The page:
The news will come as a relief to many students and others who have not been able to afford the prices which are usually asked for second-hand copies of the book. Both previously available editions — a 1969 hardcover by Van Nostrand Reinhold and a 1977 paperback by Da Capo Press — have been increasingly difficult to find at affordable prices. For example, at the time of writing this, only two copies are currently available on Amazon.com, both with price tags of at least $750. Thrifty buyers have been able to get the book for much cheaper (I lucked out on a first-edition hardcover on eBay for $95 last October), but such deals have become few and far between.
1964 precursor folio of "American Wood Type"
This newest reissue features a short foreword by David Shields, caretaker of the Rob Roy Kelly American Wood Type Collection, in which he gives a brief history of the book and explains the impact it continues to have on designers and printers (myself included). Shields has also designed a new cover with types from the collection, inspired by the cover of Kelly’s 1964 folio precursor to the book.
In all other regards the book will be printed as a facsimile and, as such, will retain various typos and historical inaccuracies which David Shields and others have uncovered since the book’s first publication more than 40 years ago. While this is less than ideal, a proper follow-up would undoubtedly require much more work, time, and money; essentially it would be a different project. Shields’ foreword addresses these issues, referring readers to the Kelly Collection website for more current information (at least for the types in the collection).
One of the many reasons a reissue of the book has taken so long is related to the complexities and uncertainties surrounding its copyright information. The original 1969 publisher (Van Nostrand Reinhold) and copyright holder (Reinhold Book Corporation) were split and merged with other corporations several times over the years, with the rights to the book being moved around, licensed on a temporary basis (for the 1977 Da Capo Press reissue), and generally changing hands on numerous occasions. Despite, and perhaps because of this, the original publishing agreements cannot be found.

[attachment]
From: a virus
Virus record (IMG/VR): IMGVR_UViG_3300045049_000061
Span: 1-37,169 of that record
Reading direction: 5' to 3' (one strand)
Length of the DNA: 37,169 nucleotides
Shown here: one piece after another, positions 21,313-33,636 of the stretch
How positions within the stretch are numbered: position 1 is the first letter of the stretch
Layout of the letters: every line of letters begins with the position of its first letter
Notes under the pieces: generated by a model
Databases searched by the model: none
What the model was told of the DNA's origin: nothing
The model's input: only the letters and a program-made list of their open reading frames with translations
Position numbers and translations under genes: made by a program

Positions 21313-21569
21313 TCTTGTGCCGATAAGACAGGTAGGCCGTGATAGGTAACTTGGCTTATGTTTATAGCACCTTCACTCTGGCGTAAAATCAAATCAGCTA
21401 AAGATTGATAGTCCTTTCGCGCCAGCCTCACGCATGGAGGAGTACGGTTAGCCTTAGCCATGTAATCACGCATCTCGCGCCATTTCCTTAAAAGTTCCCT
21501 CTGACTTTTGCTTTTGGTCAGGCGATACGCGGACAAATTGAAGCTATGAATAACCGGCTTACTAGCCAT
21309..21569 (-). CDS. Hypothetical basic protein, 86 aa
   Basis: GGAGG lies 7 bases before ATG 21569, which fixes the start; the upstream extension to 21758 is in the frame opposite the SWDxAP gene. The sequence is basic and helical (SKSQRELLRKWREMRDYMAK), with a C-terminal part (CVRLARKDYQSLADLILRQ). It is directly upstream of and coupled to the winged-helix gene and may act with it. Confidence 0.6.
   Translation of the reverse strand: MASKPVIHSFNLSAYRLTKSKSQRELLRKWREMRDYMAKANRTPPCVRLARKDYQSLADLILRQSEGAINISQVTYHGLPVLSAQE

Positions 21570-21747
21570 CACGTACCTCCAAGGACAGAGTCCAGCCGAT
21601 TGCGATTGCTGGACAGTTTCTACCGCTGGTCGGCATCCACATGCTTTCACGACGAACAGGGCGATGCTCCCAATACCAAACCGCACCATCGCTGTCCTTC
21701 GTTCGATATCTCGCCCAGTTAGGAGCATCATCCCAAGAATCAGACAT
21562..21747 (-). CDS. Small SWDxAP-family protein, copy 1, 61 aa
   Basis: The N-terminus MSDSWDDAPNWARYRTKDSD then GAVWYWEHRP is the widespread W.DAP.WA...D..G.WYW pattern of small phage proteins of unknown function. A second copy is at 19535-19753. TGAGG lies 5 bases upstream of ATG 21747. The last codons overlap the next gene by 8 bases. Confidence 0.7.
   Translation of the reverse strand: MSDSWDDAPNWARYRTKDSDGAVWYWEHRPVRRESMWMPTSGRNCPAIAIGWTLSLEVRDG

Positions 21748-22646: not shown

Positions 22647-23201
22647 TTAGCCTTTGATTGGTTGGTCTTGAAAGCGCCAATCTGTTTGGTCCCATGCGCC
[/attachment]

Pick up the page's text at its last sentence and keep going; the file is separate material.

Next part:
With the help of Rob Roy Kelly’s widow, Mary Helen, Kelsey researched and contacted all of the known corporate successors who acquired all or portions of the Van Nostrand Reinhold assets, and all have stated that they do not control the rights to the book. Kelsey’s conclusion — based on provisions that were common in agreements for scholarly works at that time — is that the rights have reverted to the author’s estate after the book went out of print. Under this belief, Mary Helen Kelly has granted a license to Liber Apertus Press for a reissue. For the first time the author’s family will receive royalties from sales of the book.
For those who are curious as to why a reissue of American Wood Type isn’t being carried out by a more notable or relevant organization — like Oak Knoll Press, RIT Cary Graphic Arts Press, Harry Ransom Center, or the Hamilton Wood Type & Printing Museum — the main reason that I can see is that Kelsey is the first to go to the trouble of researching and contacting all the possible copyright owners. Also, as a smaller on-demand publisher, Kelsey avoids higher investment costs that other publishers might have to put up for traditional printing and binding processes.
Adding another generation to the production process by scanning from a print will likely have some affect on the fidelity of the book’s reproduction, but I doubt it will be anything that would make the book worth anything less than $30. Indeed, the difference may be imperceptible. I’ve heard rumors that the original film negatives used to print the first edition still exist somewhere at Yale, which would be ideal for the purposes of reproduction (a proper digital scan of the negatives may even yield a better print than the 1969 edition), but I haven’t personally seen or heard anything concrete to that effect.
Liber Apertus previously took on a similar reprinting of the letterpress printing guide, General Printing, and plans to continue the series by reissuing other such books like American Wood Type that are in demand but out of print.